If you're like me, you often spend far too much time trying to figure out the impulses that guide both the big and small choices you make in life.  Going back to Africa to witness the beauty of the people and the raw strength of their character helped me understand why I'm an educator as well as the source of my stamina and creativity.  It also helped me understand how my struggles today are nested in an age-old drama. ABOVE:  The Male Dungon, where 200 men were housed at a single time, with only the small holes you see for air and light.  Imagine spending 6 weeks here.  sigh.



Looking Back in Order to Go Forward

The letter from African Ancestory.com arrived in my mailbox in May.  DNA test tell me that my maternal ancestors lived in Cameroon.  With that news, my journey began.  

I was part of the Religious Education team for my group of 18 Unitarian Universalist folks , 16 of which are of African ancestory and the other two are Europeans in long-term relationships with two folks in our group.  As such, I had to do a fair amount of research in order to help our colleagues prepare for the spiritual journey ahead of us.  Now, having gone and returned, I can echo the words of our former UUA President Bill Sinkford who said upon his return, "I'll never be the same."  He was right.  Scroll over the picture box below to see more images. 


I, along with fellow traveller, Taquiena Boston, was asked to share a personal reflection on the trip at a worship service at General Assembly in July 2014.  You can hear my remarks here. [Note:  my presentation begins at the 47:00 minute of the video.]





 Creating Theology Together.  

Our newest curriculum is a learning exercise that invites individuals to not only identify their theological commitments, but to do so in the company of others who may or may not share your same beliefs.  Led by ministers and religious educators,  to inform & shape a public theology that grounds our faithful actions in the world.  Curriculum launch:  June 2019.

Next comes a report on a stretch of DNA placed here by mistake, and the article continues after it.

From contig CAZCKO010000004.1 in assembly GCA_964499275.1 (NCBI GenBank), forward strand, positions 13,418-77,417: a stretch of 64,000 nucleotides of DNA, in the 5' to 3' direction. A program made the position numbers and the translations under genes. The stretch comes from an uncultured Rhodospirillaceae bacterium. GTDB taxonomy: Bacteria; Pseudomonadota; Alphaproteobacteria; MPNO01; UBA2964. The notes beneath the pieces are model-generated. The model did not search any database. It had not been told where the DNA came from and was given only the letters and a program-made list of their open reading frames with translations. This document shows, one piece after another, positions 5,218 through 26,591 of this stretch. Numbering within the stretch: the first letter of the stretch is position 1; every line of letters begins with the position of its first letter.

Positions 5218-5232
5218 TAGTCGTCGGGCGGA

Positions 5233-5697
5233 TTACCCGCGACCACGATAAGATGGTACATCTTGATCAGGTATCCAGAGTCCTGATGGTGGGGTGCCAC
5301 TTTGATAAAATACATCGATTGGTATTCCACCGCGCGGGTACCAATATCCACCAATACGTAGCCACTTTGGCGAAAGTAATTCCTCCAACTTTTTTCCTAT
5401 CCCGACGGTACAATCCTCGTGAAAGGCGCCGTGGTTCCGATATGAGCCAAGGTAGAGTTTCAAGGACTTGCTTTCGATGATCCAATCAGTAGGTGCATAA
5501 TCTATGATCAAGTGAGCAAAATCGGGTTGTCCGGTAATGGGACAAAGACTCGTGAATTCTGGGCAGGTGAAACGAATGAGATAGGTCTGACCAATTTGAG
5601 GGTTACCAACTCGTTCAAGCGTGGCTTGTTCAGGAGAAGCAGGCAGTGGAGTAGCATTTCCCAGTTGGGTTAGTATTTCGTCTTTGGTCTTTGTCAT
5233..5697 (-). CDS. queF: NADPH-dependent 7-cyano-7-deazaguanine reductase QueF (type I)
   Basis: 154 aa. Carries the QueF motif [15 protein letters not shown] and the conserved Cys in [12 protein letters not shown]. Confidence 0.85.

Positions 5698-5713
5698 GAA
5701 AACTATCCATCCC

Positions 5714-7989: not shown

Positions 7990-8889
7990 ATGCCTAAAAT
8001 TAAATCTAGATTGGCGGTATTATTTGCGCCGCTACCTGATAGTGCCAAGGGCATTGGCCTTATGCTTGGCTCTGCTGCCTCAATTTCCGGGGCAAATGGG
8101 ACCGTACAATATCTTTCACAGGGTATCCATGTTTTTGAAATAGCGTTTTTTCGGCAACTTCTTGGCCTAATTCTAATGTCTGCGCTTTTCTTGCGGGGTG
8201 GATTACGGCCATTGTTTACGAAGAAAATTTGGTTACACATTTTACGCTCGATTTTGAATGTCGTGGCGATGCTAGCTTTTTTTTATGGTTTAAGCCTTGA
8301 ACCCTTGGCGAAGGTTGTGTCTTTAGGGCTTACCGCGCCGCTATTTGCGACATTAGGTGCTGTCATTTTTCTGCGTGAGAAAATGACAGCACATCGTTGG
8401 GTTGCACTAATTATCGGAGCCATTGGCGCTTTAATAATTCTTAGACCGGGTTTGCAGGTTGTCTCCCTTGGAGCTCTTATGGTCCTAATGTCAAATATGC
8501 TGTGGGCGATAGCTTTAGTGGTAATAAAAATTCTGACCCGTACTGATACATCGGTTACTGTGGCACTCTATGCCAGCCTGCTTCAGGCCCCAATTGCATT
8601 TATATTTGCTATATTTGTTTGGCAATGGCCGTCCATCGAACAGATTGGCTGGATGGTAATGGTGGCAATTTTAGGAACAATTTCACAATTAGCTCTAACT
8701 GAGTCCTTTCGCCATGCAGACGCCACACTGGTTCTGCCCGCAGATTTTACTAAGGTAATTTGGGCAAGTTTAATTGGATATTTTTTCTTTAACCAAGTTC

Gathering Our Selves: Faith Formation for the Melanin Majority. Based on the ourcome of my work over the last five years, it's clear to me that the human and faith development of people of color in  primarly White cultural context can cause psycho-spiritual distress among non-dominant cultural groups.   Gathering Ourselves reverses that trend and orients participants toward flourishing ways of thinking, feeling, and being.








UUA Commission on Instituional Change.  Walnut Creek, CA   Oct. 1-3


Race and Formation as a Family Matter.   Eno River, Durham, NC. Oct 19-21.



Keynote:  Tools for The Shift: Foundational Insights for Transformive Communities"  Mosiac Makers National Conference.  San Diego, CA.  Oct. 28-31.

Workshop: Gathering Our Selves Spiritual Direction for People of Color.   CENTER Institute for Excellence in Ministry.  Jan 22-26, 2818








Liberal Religious Educators Association, Fall Conference.  Houston, TX  Nov. 2-5


Multicultural Congregations as Faith Formation (with Rev. Kierstin Homblette Allen).  All Souls Church and The Church of the Restoration.   October 28-Nov 2.  Tulsa, Oklahoma









Just published!   "Religious Education and the Traditions," in The Oxford Handbook on Religion and Higher Education (2018).  The article is a review of the history, trends and practices employed by religious workers in transmitting religiosity to its faithful. The chapter is also an excellent resource for teachers and those curious about exploring how faith formation “works” as well as the role specific teaching practices. The handbook features preeminent scholars from the fields of religion (some excellent scholarship on faith formation!) education, law, and political science to craft a comprehensive survey and assessment of the study of religion and education in the United States






ChicagoLand BC Retreat, Oak Park, IL (Unity Temple); Nov 16-17


Cedar Lane, Maryland; January 18-19


San Luis Obispo, CA; Feb 1-2


All Souls, Unitarian, Washington, DC Feb. 22-23







October 2013 was an extrordinary month for many reasons.  Stll hard to put it all into context but I was joined by 18 Unitarian Universalists from my home congregation to connect our African American identities back to Africa.   Titled, “Sankofa: Looking Back in Order to Move Forward,” pilgrimage to Ghana, site of the slave castles that were the point of departure for The Middle Passage.  A few insights from my journey are posted here.



Never again

The words enshrined at the gate of the castle.